When I started learning Google App Engine, I misunderstood a fairly fundamental part of the datastore - Entity Groups. The documentation is not very clear, and over the weeks I've seen many questions asked in videos and forums that suggest I'm not the only one that misunderstood. I thought it was worth a blog post to explain.
Entity Groups are not Tables!
The misunderstanding is that people think of entity groups like table in SQL. This is not the case. If you create two entities that are of the same kind, by default, they do not belong to the same entity group. Unless you specifically choose to put them in the same group, all of your entities will be in a seperate entity group. This means if you have 1,000 entities of the same kind, you have 1,000 entity groups containing one entity each! This is not a bad thing, you shouldn't put things into the same entity groups unless you need to, since updates to an entity lock the whole entity group.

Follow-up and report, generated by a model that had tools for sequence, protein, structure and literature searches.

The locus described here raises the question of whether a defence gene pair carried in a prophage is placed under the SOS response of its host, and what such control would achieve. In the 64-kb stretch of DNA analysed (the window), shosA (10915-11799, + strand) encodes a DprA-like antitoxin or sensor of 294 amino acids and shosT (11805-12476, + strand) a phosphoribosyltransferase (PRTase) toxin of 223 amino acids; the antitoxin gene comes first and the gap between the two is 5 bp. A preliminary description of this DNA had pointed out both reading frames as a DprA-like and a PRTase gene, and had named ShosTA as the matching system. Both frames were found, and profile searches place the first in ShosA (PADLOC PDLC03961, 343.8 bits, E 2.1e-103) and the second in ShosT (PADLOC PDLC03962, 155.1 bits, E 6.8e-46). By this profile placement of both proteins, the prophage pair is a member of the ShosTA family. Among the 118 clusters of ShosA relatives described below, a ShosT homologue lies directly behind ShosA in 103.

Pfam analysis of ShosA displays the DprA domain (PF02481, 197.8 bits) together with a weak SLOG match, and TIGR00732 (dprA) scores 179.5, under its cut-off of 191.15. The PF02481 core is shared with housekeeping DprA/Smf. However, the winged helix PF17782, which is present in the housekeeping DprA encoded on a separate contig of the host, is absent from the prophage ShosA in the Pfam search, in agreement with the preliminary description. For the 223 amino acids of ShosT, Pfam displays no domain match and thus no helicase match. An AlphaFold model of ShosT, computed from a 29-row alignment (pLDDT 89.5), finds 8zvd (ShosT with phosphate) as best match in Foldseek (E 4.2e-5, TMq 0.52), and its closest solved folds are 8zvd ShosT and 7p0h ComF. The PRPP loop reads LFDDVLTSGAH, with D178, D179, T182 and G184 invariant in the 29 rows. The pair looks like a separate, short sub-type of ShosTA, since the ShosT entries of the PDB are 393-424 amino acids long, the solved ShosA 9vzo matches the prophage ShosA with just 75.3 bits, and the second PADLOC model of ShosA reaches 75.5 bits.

Putting Entities in the Same Entity Group
All entity groups have a root entity. You can't put two entities into the same entity group without one of them being the root entity (parent). To put two entities into the same entity group, you set the parent property, like this:
# Create the company my_company = Company(name='Danny\'s Company') my_company.put() # Create the employee me = Employee( parent=my_company, name='Danny Tuppeny' ) me.put()
Because updates lock an entire entity group, you should only use them if you need to. If you're not going to need to update an employee and its company in the same transaction, you don't need to put them in the same entity group.
Entity Keys Include Their Parent Entity Keys
Something worth noting, is that the key for an entity includes the key of it's parent. That means you can do some clever things for performance purposes, such as "Relation Index Entities" as described by Brett Slatkin in this video. Brett creates child entities for querying and converts their keys to their parents keys using the parent() method to then batch fetch the entities themselves.
Hopefully this clears things up a little. If it still leaves questions (or I've missed anything), please leave a comment below and I'll try to update the post.